Tuesday, June 12, 2012


I sent a good friend to the store over the weekend to buy Dominion to play with his 8 year old son. He got upset and chided me about not knowing my own stock. Whatnow? The age recommendation on Dominon and all the expansions says 13+. Dominion suddenly got a lot harder to play.

I assured him it should be 8+ and sent him a boardgamegeek screenshot of the game summary being 8+ and the user recommended age of 10+. I mean, I'm not losing my mind, am I? He reluctantly bought the game and he and his 8 year old had a great time playing. End of story.

So what's the deal with the recommended age change on the box?
Asking around, the culprit appears to be CPSIA, the Consumer Product Safety Improvement Act. This is one of those laws that came about after the public outcry over lead in toys. The law was written in 2008, but the testing requirements were delayed until February of 2011. So now we're seeing the full effect of that law.

If you market games to children aged 12 and under, you've got a child's product, according to the act. You have to comply with lead, pthalate  and "mechanical" requirements, warning labels regarding small parts for 3 years old and younger kids, and most importantly, most devastatingly, expensive third-party testing.

It must be a good times to own a third party testing company. For example, testing blocks for a game costs about $500, but with 10 samples required, that cost goes up $5,000. That's just one component of one game, now multiply that number by each of your components and each of your games.

This will likely have several effects on the game trade:
  1. Nobody will make games for children unless it's their specialty.
  2. All adults oriented games will be labeled 13+, regardless of complexity.
  3. Those who want to market games to children will generally be mid to large companies, reducing selection for consumers.
  4. Games for children will be fewer, more expensive and simple to cover testing costs, making independent games for kids that much harder to sell.
That 13+ label has significance as it allows you to avoid a lot of this pain. If the manufacturers can manage to wiggle out of the children's product category, into the general category, their testing parameters are apparently less stringent.
If a consumer older than 12 years of age is as likely, or more likely, to interact with a product than a child 12 years of age or younger, then the product would probably be considered a general use product, depending upon how the product is viewed, using all of the four factors above. Products used by children 12 years of age or younger that have a declining appeal for teenagers are likely to be considered children's products.
This is one of those rare cases of the federal government getting in the way of small business in a ridiculous fashion. I say it's rare, because I tend to say local government is the root of all evil. The federal government neglects small business, which apparently is a good thing if you talk to big business.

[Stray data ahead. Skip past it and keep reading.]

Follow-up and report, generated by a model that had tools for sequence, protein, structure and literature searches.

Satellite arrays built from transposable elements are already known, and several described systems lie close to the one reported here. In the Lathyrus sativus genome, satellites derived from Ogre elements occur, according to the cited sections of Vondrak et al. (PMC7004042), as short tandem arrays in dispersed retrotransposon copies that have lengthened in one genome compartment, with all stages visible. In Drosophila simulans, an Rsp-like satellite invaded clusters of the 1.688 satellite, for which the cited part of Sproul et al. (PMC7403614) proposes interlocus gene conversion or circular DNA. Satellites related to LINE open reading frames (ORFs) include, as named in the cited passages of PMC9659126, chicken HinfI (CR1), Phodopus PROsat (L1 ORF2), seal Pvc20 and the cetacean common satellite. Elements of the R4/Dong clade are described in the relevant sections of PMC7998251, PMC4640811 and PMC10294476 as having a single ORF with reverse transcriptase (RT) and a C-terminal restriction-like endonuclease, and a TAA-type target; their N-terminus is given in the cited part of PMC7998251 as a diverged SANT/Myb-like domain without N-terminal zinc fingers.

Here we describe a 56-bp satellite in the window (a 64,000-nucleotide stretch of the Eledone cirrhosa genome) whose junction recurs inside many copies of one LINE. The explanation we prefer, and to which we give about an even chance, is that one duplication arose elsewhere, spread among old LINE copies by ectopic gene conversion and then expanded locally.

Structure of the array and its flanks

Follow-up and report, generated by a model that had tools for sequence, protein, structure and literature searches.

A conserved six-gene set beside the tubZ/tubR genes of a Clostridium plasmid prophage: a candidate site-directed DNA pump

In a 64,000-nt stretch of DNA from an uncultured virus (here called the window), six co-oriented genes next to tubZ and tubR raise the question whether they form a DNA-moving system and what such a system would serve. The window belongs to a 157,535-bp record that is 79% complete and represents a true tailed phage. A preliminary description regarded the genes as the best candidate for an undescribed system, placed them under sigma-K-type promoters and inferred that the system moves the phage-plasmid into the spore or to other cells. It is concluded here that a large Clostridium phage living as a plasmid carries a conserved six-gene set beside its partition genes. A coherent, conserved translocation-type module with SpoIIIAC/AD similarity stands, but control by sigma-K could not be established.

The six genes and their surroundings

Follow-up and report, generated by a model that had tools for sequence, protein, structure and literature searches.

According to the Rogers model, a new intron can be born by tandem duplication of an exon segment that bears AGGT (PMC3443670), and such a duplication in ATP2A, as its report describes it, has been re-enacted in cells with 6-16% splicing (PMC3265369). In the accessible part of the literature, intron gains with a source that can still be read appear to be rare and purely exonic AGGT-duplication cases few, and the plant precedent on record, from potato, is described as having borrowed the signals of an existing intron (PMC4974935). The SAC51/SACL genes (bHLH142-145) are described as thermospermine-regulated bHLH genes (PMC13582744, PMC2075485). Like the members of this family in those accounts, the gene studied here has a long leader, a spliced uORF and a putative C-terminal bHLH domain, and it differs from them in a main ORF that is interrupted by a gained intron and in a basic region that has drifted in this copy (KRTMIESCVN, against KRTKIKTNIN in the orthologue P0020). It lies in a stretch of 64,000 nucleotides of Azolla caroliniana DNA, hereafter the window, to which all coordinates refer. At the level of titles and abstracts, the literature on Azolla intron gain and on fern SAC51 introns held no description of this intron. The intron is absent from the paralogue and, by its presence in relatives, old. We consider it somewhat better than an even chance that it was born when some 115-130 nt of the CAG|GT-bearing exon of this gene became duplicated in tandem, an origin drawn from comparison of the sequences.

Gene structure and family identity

Getting in the way of small business is the job of local government; perhaps it's a states rights issue. Like how my local county farm bureau taxes my point of sale machine or how this month the board of equalization collects an extra two weeks of sales tax to create the illusion the state budget has more than it does. Or how my city government demands permits and building requirements that aren't required by law.  Or warning signs regarding spray paint. Or video games. Or products containing lead. Or the sign requirement that I can't have signs. That's all local. Local government is to be avoided at every opportunity by small business, but the federal government? It's virtually invisible.

Politics aside, this does a huge disservice to the game trade. There are games that are clearly for children, dominated by big companies like Mattel, Hasbro and SpinMaster. The toy trade has a plethora of small game publishers, and this is a disaster for them. If you were a game designer, would you want to design a game for a 5-year old or a 13 year old? You might not have any economic choice in the matter now. Small toy companies are working to reform the law for small manufacturers.

For now, we'll have a low age range dominated by the giant corporate toy and game makers, an empty middle (tons of board games are designed for ages 8+or ages 10+), and most independent games in the 13+ category. That's a huge segment of the game trade that has just been nuked by this law.

Sure, games for ages 8-12 will still exist, but the end result will have been taking helpful labels and making them useless. It will be up to the parent to do the research for what's appropriate (which is unlikely to happen) or rely on store staff to override what the box says (virtually impossible, as was demonstrated). It also just made games far easier to buy online, since you can find the truth there. The law we're really discussing is the law of unintended consequences.

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